The column spurred thousands of comments, more than anything I’d written about the Iraq or Afghanistan wars. Many of the commenters claimed that human beings couldn’t hear above 20 kHz anyway (thus conflating, as many critics do today, frequency response with sampling rates, which are related but not quite the same). Others shrugged at the controversy, saying that MP3’s sampling rate was “good enough” for them. Still others just called me an “audiophile asshole,” a phrase that comes up a lot in these sorts of exchanges.
What puzzles me is why we audiophiles are so often the object of contempt. I don’t mean jokes: a lot of audiophile jokes—for instance, Mad Magazine’s special hi-fi issue in 1958—are very funny. I mean contempt. In an otherwise delightful Slate piece on bachelor pads, Troy Patterson advised readers not to seek “stereo advice from guys who are really, really, really into stereos.” Would Troy warn a car shopper to stay away from people who know a lot about cars, or someone looking for a good restaurant to ignore people who know a lot about food?
Some of the contempt, no doubt, stems from the price tags for this gear. I should emphasize, more expensive doesn’t always mean better: I’ve heard some lousy $100,000 speakers, and I’ve heard some $500-a-pair models that I could live with. But yes, the really good stuff is expensive. There’s a lot of information in those record grooves and those CD bits. What it takes to extract all that information—the high-quality phono-cartridges, digital-to-analog converters, the 1,001 parts in a great amplifier (capacitors, power supplies, low-voltage regulators, etc., etc.), and speakers—it’s all, unfortunately, expensive.
Many audiophiles spend tens of thousands of dollars on their rigs; some spend more than that. Is this crazy? Maybe, but I don’t read articles jeering at people who spend $400 on a meal (which disappears once they’ve eaten it), or $80,000 on a car, or $10 million on a painting. There may be some populist fury at the people who have this kind of cash to toss around, sure. But the mainstream media run rave reviews of high-priced restaurants and luxury cars, and breathless style-section profiles of the hedge-fund managers whose walls are flush with de Koonings and Rauschenbergs. Audiophiles, meanwhile, are portrayed as obsessive nerds, insufferable aesthetes, hopeless nostalgics.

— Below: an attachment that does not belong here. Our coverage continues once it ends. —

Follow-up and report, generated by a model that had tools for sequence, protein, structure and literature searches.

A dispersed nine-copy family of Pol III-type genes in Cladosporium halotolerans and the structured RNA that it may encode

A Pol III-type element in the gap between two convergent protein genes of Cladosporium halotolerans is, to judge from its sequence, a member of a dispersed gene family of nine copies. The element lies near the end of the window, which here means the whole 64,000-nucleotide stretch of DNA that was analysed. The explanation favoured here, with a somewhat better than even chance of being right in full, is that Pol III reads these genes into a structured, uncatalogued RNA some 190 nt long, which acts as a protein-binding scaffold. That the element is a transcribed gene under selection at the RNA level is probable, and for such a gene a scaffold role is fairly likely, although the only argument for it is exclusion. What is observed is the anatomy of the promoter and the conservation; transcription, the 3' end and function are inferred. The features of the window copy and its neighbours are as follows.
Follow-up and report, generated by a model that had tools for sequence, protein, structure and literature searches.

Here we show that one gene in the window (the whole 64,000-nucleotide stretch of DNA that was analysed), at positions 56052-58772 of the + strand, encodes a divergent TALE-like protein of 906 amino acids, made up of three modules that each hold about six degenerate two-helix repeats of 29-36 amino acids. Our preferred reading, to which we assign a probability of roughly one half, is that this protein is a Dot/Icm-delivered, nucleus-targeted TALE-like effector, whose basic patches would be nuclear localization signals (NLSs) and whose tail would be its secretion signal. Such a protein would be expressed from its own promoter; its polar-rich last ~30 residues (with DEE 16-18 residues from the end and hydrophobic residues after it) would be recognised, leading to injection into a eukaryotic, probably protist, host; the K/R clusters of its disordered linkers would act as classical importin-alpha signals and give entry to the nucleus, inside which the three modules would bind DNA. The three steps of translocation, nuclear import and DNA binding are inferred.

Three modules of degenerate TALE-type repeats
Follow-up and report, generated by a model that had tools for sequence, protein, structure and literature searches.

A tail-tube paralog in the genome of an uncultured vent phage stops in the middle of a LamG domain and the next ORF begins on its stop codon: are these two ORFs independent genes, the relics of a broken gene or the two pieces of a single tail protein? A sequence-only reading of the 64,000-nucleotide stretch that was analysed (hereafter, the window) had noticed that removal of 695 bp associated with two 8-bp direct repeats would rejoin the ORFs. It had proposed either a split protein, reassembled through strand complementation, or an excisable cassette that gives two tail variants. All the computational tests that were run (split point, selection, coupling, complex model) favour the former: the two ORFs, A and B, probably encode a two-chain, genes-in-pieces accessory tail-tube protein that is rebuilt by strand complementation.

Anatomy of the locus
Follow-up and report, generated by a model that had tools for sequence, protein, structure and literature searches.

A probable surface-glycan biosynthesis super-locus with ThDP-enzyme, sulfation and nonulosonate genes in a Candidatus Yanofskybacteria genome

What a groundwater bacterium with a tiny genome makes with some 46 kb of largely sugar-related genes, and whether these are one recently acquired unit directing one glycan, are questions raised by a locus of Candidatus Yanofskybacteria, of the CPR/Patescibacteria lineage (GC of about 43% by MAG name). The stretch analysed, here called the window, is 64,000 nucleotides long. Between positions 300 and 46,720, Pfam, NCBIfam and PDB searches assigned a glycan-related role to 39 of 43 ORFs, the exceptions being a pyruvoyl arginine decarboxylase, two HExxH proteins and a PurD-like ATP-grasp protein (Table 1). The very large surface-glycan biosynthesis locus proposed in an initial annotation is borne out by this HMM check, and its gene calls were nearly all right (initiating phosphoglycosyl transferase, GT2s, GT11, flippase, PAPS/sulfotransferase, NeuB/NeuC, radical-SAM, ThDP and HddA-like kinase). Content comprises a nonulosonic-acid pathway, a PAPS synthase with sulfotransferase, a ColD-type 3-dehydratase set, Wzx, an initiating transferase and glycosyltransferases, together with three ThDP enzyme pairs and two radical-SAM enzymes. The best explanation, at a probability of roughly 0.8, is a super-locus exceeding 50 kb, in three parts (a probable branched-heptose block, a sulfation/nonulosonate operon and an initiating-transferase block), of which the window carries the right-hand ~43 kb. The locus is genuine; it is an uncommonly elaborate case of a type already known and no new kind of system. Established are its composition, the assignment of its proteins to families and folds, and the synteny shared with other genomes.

I think part of the derision for audiophiles is relative. Most people don’t have de Koonings on their walls, but they do have a stereo, and they’re incredulous that a more costly stereo could really sound that much better.
Another factor, though, is sheer, possibly willful ignorance. It’s clear, from many of the articles and comments dismissing audiophiles, that their authors have never actually heard a high-end audio system. They’re like I was 30 years ago, when I smugly walked into Excalibur. The difference is that I walked into Excalibur; I sat down and listened, and wound up writing a very different article from the one I’d outlined in my head beforehand.
When I sit down and listen to, say, Ella Fitzgerald and Louis Armstrong singing their duets, I can practically see them right before me—Ella’s ethereal breath, Satch’s throaty rumble, the delicate chords, bass walks, and cymbal-swooshing by the rhythm section in the distance. When I listen to Miles Davis’ Kind of Blue, I hear every spittle on Miles’ mouthpiece, every lick of Coltrane and Cannonball’s sax solos, Paul Chambers’ every bass note (and the thump and wood of the bass), the slightest rhythmic flourish from Jimmy Cobb’s trap set. When I played Bob Dylan’s “Like a Rolling Stone” for a visiting friend, he was astonished not only by all the instruments he’d never heard so clearly before, but, still more, by the raw anger in Dylan’s voice, which he hadn’t heard before at all.
“We’re trying to do time traveling here,” an audiophile record producer once told me. That’s what this is about—feeling transported to the place where the players laid this music down, hearing it the way the mics and spools and mixing boards took it down.
People ask me if, say, a $50,000 stereo system is 10 times better than one costing $5,000. It depends what you’re listening for. If all you want is nice music in the background while you’re cooking, cleaning the house, or reading the paper, then no. If you want a time-traveling machine, then it’s infinitely better. You just can’t get there with the cheaper system.
So tell me you’re not interested in sonic time travelling; tell me you’d rather spend the money on live concerts; tell me you just can’t afford the ride. These are legitimate positions. But don’t tell me that I’m a nut who’s just imagining things, or some freak with paranormal hearing. And don’t tell me that the brilliant engineers who recorded the great sessions—or those other engineers, the best of them anyway, who designed the equipment to extract the information on those albums—are all delusional or dishonest, too.